Draft day: grillin' and chillin'

Former Tennessee players will spend the NFL draft weekend in different ways.

Jesse Mahelona will be in Hawaii at a luau, feasting on three pigs, a cow and tons of fish. Albert Toeaina will be fishing in the bay near San Francisco.

Rob Smith will grill out.

You would expect no less from Smith, a blue-collar offensive lineman who bypassed his senior season so he could get paid to play.

Smith knows he might not get drafted but he's confident he can play in the NFL.

``I tell people I'm more worried about getting drafted than I am making a team,'' Smith said. ``I've seen the competition. I've played with people already in the league that have been playing two, three years. I don't have a doubt I can make a team and play in the league for a few years.''

``I'd be lying if I said I wouldn't be disappointed if I'm not drafted, but if that's the route I have to go. I've always prided myself on taking the hard road and doing what other people don't want to do. It seems like it would fit me more if I don't get drafted.''

That chance exists. I've not seen a draft projection that has Smith going before the seventh round, yet I've heard draft analysts say they love Smith's toughness and attitude.

There are advantages to not being drafted in the seventh round pick: You can select your team.

There are advantages to being drafted in the seventh round: Interest by the team.

``They could have drafted someone else, so they have an interest in you and they think you can help the team or they wouldn't have wasted a pick on you,'' Smith said.

``Even if you're a sixth-round guy, it's still a good amount of money they're putting into you. I'd rather be drafted than a free agent. I want to go to a team that wants me. That's important to me.''

Smith grew up a Cincinnati fan, living 15 minutes from Riverfront Stadium. He would love to play for the Bengals. He would love to stay in Tennessee and play for the Titans. He would love to play for Pittsburgh because the Steelers' offensive line embodies his blue-collar work ethic.

Of course, Smith knows he has no say so over where he goes.

He has read some intriguing analysis of himself. One, for example, questioned his durability. That's laughable.

``I've been playing football 16 years and I've never missed a start I was supposed to make,'' Smith said. ``I was like, `Durability! That's an issue? How can you go 16 years without missing a start, but durability is an issue? Are you kidding me?' I don't consider toughness or durability an issue.''

Smith agrees with draft experts that say he has a nasty streak and finishes blocks and is tough and smart and hard nosed.

Smith said his workouts have gone well. He said he bench pressed 225 pounds 37 times, the most of anyone at the NFL Combine in Indianapolis. He said he's been working the past few months on his explosiveness. He said his 40-yard time at the combine wasn't very good, but his 10s and 20s were.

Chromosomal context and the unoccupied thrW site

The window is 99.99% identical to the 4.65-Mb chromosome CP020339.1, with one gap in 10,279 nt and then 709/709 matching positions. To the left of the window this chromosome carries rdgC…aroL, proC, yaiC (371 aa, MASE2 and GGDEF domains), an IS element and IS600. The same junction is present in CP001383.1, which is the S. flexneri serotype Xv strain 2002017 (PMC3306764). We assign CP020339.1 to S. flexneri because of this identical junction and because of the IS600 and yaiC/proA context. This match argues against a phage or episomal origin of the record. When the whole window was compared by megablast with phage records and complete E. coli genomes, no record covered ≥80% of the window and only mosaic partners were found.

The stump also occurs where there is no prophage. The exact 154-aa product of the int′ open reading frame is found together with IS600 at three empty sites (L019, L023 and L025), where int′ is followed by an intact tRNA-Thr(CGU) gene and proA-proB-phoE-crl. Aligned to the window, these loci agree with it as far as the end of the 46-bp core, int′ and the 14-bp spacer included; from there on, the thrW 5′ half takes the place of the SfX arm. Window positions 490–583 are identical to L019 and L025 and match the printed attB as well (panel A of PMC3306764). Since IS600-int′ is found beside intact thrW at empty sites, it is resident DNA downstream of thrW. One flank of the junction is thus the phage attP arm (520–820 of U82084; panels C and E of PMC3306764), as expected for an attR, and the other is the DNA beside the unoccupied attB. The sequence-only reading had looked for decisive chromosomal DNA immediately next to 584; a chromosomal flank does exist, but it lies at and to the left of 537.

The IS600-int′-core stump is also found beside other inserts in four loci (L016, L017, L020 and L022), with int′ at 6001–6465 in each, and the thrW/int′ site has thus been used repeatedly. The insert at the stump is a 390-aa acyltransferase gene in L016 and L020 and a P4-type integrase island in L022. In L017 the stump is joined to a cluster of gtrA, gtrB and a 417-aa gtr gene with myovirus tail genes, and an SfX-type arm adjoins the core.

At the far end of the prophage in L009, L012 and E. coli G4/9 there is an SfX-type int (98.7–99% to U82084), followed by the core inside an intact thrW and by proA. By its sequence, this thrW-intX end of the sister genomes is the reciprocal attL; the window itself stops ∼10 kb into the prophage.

``That shows explosiveness,'' Smith said of the shorter dashes. ``Besides, if you're having to chase someone for 40 yards, you might as well give them a touchdown.''

Smith said he's been working with strength and conditioning coach Charlie Petrone of Knoxville and has gained three pounds while losing eight percent body fat.

Smith said he can play all three interior positions in the offensive line, that he's intense and that he learns quickly.

``If they're paying you that kind of money, they don't want to tell you three or four times how to do something,'' Smith said. ``You tell me one time, I'll pick that up really fast.''

Smith said he won't be awestruck by practicing with stars or future Hall of Fame players in the NFL.

``If I've got an All-Pro or future Hall of Fame guy in front of me, I'm going to be asking questions and watching every possible detail I can,'' Smith said.


Mahelona said he's heard he likely will be a third-round pick.

He said he helped his stock at the Senior Bowl with his quickness, but he hurt himself by playing so low to the ground that blockers smothered him. Mahelona also suffered a sprained MCL to his knee at the Senior Bowl.

He said he's healthy.

``My body is now my investment,'' he said. ``I have to look at it that way.''

Mahelona said the Browns have shown the most interest, giving him a private workout. He said he figures to be a nose tackle in the NFL.

``I'll be a good player and bring a lot to a team, regardless of where I'm playing,'' Mahelona said.

Draft Projections

Defensive back Jason Allen will be the first Vol taken, early in round two. Parys Haralson, a defensive end, will go next, early in the third round, just ahead of Mahelona.

Those are the only former Vols that will be taken on Saturday.

Linebacker Omar Gaither will go early in the fourth round.

Linebacker Kevin Simon, running back Gerald Riggs Jr., and offensive linemen Cody Douglas and Albert Toeaina will be selected between rounds five and seven.

Tony McDaniel, Chris Hannon and Smith could be selected, but look for them to sign as free agents, along with C.J. Fayton and Jason Hall and perhaps Jason Mitchell.

The Vols will have a total of eight players chosen. No other SEC team will have more players drafted.

That would be another indictment on UT's 5-6 season. .

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